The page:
War isn’t what it once was. The age of bloody conquests is still upon us, but new instruments of destruction are readily deployed the world over to win territory and inflict losses. Some, like UAVs armed with RPG rounds scouting the deserts of the globe, are focused upon gaining a direct tactical advantage – facilitating the execution of existing strategy. Other tools, more strategic in focus, take a holistic view of conflict as both a militaristic and political exercise wherein groups struggle for power or control. This strategic view can often take a less tangible approach. People don’t need to be killed directly if support for their cause can be eroded, or their cause itself loses it’s sheen. Wars are easier won and less often fought when those who fight lose the hope for a better day.
One such way of accomplishing their means is through the imposition of economic weaponry – tools used to limit a regimes access to global markets to reduce economic access and potentially deter impending risks. One such form is economic sanctions, often deployed against illiberal regimes to force cooperation with international law, contain a threat to peace or condemn actions deemed not in keeping with the values of the world order. But just as a drone is designed to kill with maximum efficiency and minimal external casualties, a sanction must be designed to impede the dangerous actions of a government as effectively as possible without placing an undue burden or strain upon the populace. In other words, a targeted sanction should impede inappropriate actions with maximum efficiency and inflict minimal damages on surrounding humanitarian causes.
Sanctions come in different forms – the two standard designs are comprehensive and targeted. Comprehensive sanctions, or trade embargoes, focus on an entire economy, and create sweeping bans on trade, diplomatic relations and financial activities. Targeted sanctions impose embargoes on specific items or restrictions on peoples or groups, and are more strategic in their design. While each has it’s place, full-scale embargoes are often more effective in toppling regimes or containing military targets. However, they are less readily used given that a full embargo upon an entire national economy requires coordination, and traditional thought dictates that the relative effectiveness of comprehensive sanctions has been eroded by globalization and a world of interconnection. While this is not completely true, such interdependence has made it easier for states to evade sanctions by working under the table with others. Therefore, the trend in recent years has been towards “smart sanctions”, or more targeted approaches to handicapping an opponent.
A 2012 study from the Graduate Institute in Geneva found that only 31% of UN targeted sanctions are deemed “effective” in meeting their objectives, with the deployment of sanctions being more effective in signalling or constraining a set target than actually fueling behavioral change. In fact, sanctions focused on coercement were only shown to be effective 13% of the time, with sanctions focused on targeting key sectors to slow industrial development achieving a 43% success rate. Additionally, secondary sanctions, which focus on the actions of non-native citizens interacting outside of national jurisdiction, have also been shown to be highly effective, but require greater governmental cooperation, as a Chinese citizen doing business with North Korea’s energy sector must now have their whereabouts tracked by American intelligence operatives, requiring the barrier of coordination between Beijing and Washington.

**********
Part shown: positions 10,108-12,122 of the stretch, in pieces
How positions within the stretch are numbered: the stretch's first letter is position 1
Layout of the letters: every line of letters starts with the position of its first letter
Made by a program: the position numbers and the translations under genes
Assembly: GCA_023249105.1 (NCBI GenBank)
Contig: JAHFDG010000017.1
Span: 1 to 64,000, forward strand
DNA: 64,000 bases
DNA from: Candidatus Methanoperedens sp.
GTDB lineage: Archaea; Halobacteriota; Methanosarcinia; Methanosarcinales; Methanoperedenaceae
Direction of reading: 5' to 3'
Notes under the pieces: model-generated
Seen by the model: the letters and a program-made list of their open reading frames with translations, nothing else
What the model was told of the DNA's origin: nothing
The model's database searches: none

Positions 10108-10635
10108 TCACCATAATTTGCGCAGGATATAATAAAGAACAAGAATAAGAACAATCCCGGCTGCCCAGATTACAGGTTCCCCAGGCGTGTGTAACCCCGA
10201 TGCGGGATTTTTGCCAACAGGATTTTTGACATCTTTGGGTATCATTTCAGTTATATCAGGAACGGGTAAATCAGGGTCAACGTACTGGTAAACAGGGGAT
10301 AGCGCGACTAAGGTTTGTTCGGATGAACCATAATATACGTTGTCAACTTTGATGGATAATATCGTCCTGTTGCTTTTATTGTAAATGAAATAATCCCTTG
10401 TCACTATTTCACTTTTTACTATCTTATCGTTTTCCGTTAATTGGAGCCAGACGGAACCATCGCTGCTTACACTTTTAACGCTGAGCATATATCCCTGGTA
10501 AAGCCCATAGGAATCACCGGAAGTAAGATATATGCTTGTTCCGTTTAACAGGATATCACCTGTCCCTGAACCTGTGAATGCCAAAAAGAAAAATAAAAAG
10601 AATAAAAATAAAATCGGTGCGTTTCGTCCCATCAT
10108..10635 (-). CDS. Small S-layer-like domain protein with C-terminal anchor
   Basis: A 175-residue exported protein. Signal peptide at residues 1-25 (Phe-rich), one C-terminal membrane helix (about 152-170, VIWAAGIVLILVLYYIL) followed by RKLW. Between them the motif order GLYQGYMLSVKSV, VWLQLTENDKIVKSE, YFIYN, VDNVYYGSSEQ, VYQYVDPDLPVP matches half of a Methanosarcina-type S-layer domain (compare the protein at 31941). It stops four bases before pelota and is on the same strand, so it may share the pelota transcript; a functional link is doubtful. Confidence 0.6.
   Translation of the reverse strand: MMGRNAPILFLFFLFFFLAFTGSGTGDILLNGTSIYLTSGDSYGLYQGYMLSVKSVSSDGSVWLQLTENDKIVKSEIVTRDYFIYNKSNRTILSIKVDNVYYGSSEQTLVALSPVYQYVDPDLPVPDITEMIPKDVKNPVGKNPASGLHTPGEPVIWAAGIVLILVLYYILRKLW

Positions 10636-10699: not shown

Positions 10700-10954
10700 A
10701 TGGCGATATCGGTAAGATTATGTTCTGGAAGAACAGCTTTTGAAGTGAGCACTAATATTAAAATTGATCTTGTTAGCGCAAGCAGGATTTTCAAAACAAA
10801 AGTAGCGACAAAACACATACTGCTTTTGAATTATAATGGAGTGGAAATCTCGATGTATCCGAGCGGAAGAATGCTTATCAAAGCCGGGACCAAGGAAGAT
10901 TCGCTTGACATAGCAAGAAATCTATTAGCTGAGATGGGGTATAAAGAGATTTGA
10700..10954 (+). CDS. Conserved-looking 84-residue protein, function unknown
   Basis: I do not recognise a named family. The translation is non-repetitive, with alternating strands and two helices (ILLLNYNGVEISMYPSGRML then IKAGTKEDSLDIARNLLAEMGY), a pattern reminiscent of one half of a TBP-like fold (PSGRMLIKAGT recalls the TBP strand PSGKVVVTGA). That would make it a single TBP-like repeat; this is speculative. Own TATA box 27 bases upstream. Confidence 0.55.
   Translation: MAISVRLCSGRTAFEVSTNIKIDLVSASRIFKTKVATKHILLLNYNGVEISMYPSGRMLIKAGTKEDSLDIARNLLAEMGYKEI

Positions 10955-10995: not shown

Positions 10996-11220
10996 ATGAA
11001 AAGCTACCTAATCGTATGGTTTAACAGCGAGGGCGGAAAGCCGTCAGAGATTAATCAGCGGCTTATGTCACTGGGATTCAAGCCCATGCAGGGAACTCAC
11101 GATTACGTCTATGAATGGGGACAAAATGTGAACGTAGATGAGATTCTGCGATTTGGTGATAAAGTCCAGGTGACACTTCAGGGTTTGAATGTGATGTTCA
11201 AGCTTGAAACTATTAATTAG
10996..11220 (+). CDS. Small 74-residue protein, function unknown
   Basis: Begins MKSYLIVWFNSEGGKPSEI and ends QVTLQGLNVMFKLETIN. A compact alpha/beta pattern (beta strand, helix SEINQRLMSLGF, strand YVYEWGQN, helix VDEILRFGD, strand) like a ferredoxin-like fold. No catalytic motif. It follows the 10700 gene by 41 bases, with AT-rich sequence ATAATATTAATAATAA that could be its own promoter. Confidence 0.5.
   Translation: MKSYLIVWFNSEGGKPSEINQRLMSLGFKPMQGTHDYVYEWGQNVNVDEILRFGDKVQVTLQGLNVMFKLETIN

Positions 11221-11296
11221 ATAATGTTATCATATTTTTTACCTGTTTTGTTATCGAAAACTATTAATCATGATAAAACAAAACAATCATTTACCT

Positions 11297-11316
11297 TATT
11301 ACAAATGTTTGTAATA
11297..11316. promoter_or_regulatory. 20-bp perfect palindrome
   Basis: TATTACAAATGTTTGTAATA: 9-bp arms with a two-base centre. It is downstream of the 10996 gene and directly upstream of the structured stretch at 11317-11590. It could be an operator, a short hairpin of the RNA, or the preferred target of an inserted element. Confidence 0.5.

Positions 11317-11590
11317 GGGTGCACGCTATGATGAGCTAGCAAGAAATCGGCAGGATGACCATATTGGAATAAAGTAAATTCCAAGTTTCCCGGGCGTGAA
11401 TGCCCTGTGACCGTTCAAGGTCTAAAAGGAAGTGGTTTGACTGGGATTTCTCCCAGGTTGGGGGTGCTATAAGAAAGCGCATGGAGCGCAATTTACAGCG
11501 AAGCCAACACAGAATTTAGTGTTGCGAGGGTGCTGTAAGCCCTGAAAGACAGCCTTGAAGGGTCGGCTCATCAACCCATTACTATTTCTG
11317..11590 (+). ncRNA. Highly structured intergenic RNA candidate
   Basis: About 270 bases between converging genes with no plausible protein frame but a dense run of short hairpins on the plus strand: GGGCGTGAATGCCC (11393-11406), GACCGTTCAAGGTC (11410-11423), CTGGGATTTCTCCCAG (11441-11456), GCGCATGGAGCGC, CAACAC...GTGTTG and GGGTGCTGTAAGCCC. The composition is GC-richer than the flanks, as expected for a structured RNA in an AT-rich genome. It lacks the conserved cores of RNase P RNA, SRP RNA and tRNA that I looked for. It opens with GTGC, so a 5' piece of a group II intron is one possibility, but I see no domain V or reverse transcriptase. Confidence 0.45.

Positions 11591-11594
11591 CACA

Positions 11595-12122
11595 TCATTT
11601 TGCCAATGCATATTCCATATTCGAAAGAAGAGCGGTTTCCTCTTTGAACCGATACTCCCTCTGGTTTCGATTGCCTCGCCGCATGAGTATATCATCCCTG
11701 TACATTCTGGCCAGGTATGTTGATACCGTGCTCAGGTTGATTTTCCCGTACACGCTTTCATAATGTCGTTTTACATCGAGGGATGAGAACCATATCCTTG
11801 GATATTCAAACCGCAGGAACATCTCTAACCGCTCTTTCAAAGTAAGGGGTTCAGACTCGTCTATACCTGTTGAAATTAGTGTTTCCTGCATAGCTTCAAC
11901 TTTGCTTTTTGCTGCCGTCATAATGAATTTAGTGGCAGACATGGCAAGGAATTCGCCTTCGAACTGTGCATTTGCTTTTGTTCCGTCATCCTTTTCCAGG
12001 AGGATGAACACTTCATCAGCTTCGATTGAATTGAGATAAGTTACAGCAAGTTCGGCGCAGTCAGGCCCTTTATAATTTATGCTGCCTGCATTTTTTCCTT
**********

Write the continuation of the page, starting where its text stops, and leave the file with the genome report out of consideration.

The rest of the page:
Despite the differentiation of types, the desired impacts of a sanction remain the same: inflict maximum pain with minimal casualties. But as seen above, the impact of just sanctions is limited. Often, pairing embargoes with positive inducements (trade deals or financial support) has a higher success rate, notably in the area of nuclear weapons proliferation and most publicized within the Iran Nuclear deal framework. The removal of sanctions, despite it’s political unpopularity, assured a higher chance of compliance between Iran and the UN Security Council members, a trade-off deemed necessary to achieve the ultimate objective of slowing nuclear proliferation in the Middle East.
This means a great deal of thought must go into the design of sanctions themselves – What constitutes compliance? What is the current baseline of conditions, and what are the desired changes made explicit to all parties? What will the humanitarian impacts and functional consequences of the embargoes be? In this, multiple UN assessment tools exist to determine the exact impacts of any given sanction, and numerous methodologies speak to how they should be derived. But no tool offers the answers the question of just how much damage is acceptable to inflict upon a population if it increases the likelihood of success or topples an enemy regime.
If sanctions are viewed as a tool in arsenal of militaristic or economic weaponry, this answer will drastically differ from one where sanctions are viewed as a pre-combat mechanism to reduce geopolitical tension. But the categorization of the sanction does not change the fact that sanctions themselves are designed using the same methodology drones are. And the mindset of the designer, regardless of the nobility of their intention, is reflected in the strategic approach taken to the new-era of combat. It just so happens our battlefields have shifted to now include boardrooms as well as bombs.